India has the largest population of modern slaves in the world with more than 18 million people trapped as bonded labourers, forced beggars, sex workers and child soldiers, a global survey report said on Monday.
The Global Slavery Index by human rights organisation Walk Free Foundation said the number was 1.4% of India’s population, the fourth highest among 167 countries with the largest proportion of slaves.
“Existing research suggests all forms of modern slavery continue to exist in India, including inter-generational bonded labour, forced child labour, commercial sexual exploitation, forced begging, forced recruitment into non-state armed groups and forced marriage,” said Grace Forrest, co-founder of the Australia-based foundation.
The survey said an estimated 45.8 million people are living in modern slavery globally and 58% of them are concentrated in India, China, Pakistan, Bangladesh and Uzbekistan.
The Gallup survey was conducted across 15 states and covered nearly 80% of India’s population, the foundation said.
The report coincided with the Centre unveiling a draft bill that envisages punishment for gangs involved in human trafficking and scrutiny of placement agencies, many of which are accused of forcing children into bonded labour and prostitution.
The Cabinet recently cleared proposals to “address new forms of bondage such as organised begging rings, forced prostitution and child labour”. India abolished bonded labour in 1976 but gangs continue to trap people from poor rural areas with the promise of better jobs. Most of them are sold into domestic work, prostitution, or to brick kilns, textile units and farms.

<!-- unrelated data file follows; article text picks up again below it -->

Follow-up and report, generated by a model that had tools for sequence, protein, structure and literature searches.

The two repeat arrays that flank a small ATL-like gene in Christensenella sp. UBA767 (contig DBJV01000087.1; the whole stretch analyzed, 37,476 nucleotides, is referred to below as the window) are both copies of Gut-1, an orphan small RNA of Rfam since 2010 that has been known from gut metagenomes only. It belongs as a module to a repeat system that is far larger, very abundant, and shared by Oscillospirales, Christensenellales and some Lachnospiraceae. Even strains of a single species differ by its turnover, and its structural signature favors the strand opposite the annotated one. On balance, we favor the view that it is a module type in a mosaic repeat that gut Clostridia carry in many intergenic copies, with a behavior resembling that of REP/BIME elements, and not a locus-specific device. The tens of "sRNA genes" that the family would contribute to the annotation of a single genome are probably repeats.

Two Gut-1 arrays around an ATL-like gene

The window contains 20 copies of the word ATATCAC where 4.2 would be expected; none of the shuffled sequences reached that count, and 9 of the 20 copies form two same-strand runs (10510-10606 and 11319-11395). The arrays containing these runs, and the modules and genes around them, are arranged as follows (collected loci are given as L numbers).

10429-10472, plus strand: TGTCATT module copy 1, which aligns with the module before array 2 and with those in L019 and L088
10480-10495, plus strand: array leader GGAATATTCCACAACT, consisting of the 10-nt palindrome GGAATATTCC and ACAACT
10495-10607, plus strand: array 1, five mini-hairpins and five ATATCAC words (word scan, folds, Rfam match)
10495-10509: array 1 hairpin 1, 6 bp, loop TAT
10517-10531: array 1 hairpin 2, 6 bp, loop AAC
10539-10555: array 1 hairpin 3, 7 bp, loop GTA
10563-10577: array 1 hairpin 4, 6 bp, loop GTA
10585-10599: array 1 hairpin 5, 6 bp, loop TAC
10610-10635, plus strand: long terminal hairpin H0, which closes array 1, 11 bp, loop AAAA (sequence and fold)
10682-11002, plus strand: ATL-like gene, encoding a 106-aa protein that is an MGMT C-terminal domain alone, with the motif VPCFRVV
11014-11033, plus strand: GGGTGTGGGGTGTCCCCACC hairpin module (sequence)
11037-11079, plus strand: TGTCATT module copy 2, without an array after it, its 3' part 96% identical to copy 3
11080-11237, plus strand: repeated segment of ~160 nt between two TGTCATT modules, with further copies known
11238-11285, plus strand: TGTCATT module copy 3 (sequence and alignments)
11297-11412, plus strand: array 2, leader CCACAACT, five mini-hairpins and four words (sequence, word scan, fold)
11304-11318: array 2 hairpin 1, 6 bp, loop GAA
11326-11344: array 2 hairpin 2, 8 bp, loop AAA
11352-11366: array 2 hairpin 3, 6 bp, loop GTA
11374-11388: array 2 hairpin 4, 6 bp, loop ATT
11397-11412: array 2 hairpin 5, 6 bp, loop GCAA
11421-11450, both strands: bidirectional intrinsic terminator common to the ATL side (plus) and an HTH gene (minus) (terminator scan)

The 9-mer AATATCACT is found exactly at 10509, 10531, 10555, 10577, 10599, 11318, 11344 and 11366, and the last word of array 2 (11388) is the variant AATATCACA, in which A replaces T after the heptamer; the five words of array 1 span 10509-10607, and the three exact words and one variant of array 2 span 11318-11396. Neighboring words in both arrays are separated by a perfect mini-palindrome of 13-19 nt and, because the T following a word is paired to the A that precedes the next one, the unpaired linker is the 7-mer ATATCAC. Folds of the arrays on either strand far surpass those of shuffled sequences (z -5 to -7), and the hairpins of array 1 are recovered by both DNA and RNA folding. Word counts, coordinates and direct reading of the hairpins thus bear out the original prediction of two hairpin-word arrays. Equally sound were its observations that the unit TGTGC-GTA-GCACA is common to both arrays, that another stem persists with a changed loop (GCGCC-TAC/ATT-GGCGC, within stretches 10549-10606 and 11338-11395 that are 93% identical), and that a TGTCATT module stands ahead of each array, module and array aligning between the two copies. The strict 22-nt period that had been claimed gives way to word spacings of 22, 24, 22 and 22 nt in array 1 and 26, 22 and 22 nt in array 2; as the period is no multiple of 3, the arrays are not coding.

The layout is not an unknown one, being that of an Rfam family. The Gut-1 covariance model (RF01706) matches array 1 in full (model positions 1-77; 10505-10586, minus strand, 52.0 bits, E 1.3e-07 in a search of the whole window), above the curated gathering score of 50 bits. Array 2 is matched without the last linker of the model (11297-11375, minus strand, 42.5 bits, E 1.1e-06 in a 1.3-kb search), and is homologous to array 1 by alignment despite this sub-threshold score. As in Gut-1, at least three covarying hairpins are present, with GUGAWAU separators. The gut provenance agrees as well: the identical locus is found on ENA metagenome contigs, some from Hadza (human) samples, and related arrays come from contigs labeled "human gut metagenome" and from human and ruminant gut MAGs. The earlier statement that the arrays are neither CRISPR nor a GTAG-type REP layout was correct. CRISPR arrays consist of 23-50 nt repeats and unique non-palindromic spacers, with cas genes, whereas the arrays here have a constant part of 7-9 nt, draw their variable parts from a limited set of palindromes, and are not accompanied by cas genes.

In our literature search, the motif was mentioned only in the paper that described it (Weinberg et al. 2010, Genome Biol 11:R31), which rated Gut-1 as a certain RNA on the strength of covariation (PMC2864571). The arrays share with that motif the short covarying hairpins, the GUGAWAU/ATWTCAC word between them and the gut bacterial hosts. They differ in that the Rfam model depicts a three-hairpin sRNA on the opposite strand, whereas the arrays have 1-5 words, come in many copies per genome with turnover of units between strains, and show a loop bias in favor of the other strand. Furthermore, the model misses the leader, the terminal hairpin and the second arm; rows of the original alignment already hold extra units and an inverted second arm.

The foundation requested the Centre to frame a policy for private employers so that they keep a check on bonded labour in their supply chain, an issue repeatedly raised by Nobel Laureate Kailash Satyarthi, who runs a campaign called Bachpan Bachao Andolan against child labour.
His organisation said on Monday the true test of the draft bill “will lie in ensuring time-bound prosecution and rehabilitation, and fixed accountability and stringent monitoring parameters for law enforcement agencies”.
The survey produced case studies to highlight individual cases, underpinning social and economic reasons behind this.
“This is an old disease in the village that if you are not able to pay off your debts you will have to work as a bonded labour in the field of a powerful person. My husband was employed far from the village so that he cannot run away,” the report quoted a woman as saying.
Another woman working as a domestic help said she was never paid wages and “in the name of debt, I was made a victim of sexual violence”. It said a skewed sex ratio in some parts of India “has fuelled trafficking of women for forced marriage”.
The report also highlighted the recruitment of child soldiers by militant groups active in several states, including Jammu and Kashmir, and Jharkhand, and the Northeast.